These fixes result in ANGLE being able successfully compile a number of the more complex shaders. Unfortunately there are still some complex shaders which we have not yet been able to obtain solutions for. Ultimately Direct3D 9 SM3 shaders are more restricted than what can be expressed in GLSL.  Most of the problematic shaders we've encountered will also not compile successfully on current ES 2.0 implementations.  We would only be able to achieve parity with Desktop GL implementations by using Direct3D 10 or above.

Texture Origin Changes

We have also made a major change to ANGLE in the way the origin difference between D3D and OpenGL is handled. This difference is normally observable when using render-to-texture techniques, and if not accounted for, it would appear that images rendered to textures are upside down. In recent versions of ANGLE (r536 (on Google Code)-r1161 (on Google Code)), we have been storing surfaces following the D3D Y convention where (0, 0) is the top-left, rather than GL's bottom-left convention. This was done by vertically flipping textures on load and then adjusting the texture coordinates in the shaders to compensate. This approach worked well, but it did leave the orientation of pbuffers inverted when compared to native GL implementations. As of ANGLE r1162 (on Google Code), we have changed this back to the original way it was implemented - textures are loaded and stored in the GL orientation, and the final rendered scene is flipped when it is displayed to a window by eglSwapBuffers. This should be essentially transparent to applications except that orientation of pbuffers will change.  In addition to fixing the pbuffer orientation, this change:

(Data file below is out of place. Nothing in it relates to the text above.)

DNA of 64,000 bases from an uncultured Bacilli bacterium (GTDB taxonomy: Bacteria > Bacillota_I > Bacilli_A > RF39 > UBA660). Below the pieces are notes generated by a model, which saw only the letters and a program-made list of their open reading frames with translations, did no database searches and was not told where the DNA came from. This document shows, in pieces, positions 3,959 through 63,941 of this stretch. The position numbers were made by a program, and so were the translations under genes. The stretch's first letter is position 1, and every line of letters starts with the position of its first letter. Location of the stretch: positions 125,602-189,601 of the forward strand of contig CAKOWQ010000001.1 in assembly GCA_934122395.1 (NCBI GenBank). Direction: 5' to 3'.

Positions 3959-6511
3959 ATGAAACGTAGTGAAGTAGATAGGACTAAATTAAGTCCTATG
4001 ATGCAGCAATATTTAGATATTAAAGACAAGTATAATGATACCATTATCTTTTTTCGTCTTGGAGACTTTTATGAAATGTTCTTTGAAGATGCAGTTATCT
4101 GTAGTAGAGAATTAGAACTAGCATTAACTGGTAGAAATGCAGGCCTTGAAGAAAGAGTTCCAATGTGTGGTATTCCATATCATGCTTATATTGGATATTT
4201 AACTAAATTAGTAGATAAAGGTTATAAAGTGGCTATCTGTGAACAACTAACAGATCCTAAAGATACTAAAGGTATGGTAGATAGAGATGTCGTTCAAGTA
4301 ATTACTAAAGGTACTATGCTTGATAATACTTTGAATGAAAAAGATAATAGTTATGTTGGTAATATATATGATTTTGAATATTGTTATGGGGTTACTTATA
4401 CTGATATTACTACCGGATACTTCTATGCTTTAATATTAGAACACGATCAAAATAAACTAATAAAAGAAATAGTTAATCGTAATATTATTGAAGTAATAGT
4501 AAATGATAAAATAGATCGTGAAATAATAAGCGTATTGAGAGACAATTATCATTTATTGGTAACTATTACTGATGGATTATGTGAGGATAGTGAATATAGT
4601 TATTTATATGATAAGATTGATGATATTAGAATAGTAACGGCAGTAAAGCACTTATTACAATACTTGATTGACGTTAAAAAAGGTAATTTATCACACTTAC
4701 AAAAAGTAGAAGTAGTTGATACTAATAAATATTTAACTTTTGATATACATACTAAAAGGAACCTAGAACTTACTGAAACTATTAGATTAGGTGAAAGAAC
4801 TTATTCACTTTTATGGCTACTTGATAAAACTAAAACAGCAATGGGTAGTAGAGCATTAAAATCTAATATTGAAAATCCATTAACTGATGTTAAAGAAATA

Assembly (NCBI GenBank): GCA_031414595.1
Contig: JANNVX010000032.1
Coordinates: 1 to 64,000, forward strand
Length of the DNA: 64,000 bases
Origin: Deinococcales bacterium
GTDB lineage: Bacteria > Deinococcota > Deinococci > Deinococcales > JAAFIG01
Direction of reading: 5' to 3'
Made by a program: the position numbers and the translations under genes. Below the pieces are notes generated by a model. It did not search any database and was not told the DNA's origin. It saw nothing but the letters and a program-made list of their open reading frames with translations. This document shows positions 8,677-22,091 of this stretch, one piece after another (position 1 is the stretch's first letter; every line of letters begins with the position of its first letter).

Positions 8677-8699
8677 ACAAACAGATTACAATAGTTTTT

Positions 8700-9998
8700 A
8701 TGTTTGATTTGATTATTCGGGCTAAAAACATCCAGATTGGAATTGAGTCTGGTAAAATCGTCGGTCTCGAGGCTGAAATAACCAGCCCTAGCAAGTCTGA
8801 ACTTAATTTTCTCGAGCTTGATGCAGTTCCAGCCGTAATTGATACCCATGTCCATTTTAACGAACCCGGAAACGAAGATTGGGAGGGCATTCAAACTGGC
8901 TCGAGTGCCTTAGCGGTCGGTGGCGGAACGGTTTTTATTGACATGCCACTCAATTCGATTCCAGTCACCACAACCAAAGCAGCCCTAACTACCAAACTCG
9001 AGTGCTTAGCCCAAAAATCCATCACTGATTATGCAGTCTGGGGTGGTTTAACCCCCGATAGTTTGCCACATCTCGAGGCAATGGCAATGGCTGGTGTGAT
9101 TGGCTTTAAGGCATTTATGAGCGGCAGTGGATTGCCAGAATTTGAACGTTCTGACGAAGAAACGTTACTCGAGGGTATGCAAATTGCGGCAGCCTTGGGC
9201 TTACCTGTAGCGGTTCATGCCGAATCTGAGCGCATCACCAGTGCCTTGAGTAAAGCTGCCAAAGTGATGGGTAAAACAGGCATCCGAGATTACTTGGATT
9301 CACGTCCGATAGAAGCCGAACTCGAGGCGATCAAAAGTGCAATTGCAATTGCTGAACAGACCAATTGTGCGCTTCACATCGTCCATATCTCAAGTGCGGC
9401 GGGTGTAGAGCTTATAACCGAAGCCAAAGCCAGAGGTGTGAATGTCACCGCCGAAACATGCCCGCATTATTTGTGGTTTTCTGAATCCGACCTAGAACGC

• eliminates dependent-texture look-ups in the shaders, caused by flipping the texture y-coordinates
  • rounding of texture coordinates (while previously within spec) will be more consistent with other implementations, and
  • allows potential faster paths for loading texture data to be implemented. The only potential downside to this approach is that window-based rendering may be a bit slower for simple scenes. The good news is that this path is not used by browser implementations on most versions of Windows.


Finally, Alok P. from Google has been working on implementing a new shader preprocessor for the last number of months and this effort is nearly complete. This new preprocessor should be more robust and much more maintainable. It also includes many (~5000) unit tests and passes all WebGL conformance tests. If you wish to try this out before it is enabled by default, define ANGLE_USE_NEW_PREPROCESSOR=1 in your project settings for the translator_common project.


As always we welcome contributions either in the bug reports (preferably with an isolated test-case) or in the form of code contributions. We have added a ContributingCode wiki page documenting the preferred process for contributing code. We do need to ask that you sign a Contributor License Agreement before we can integrate your patches.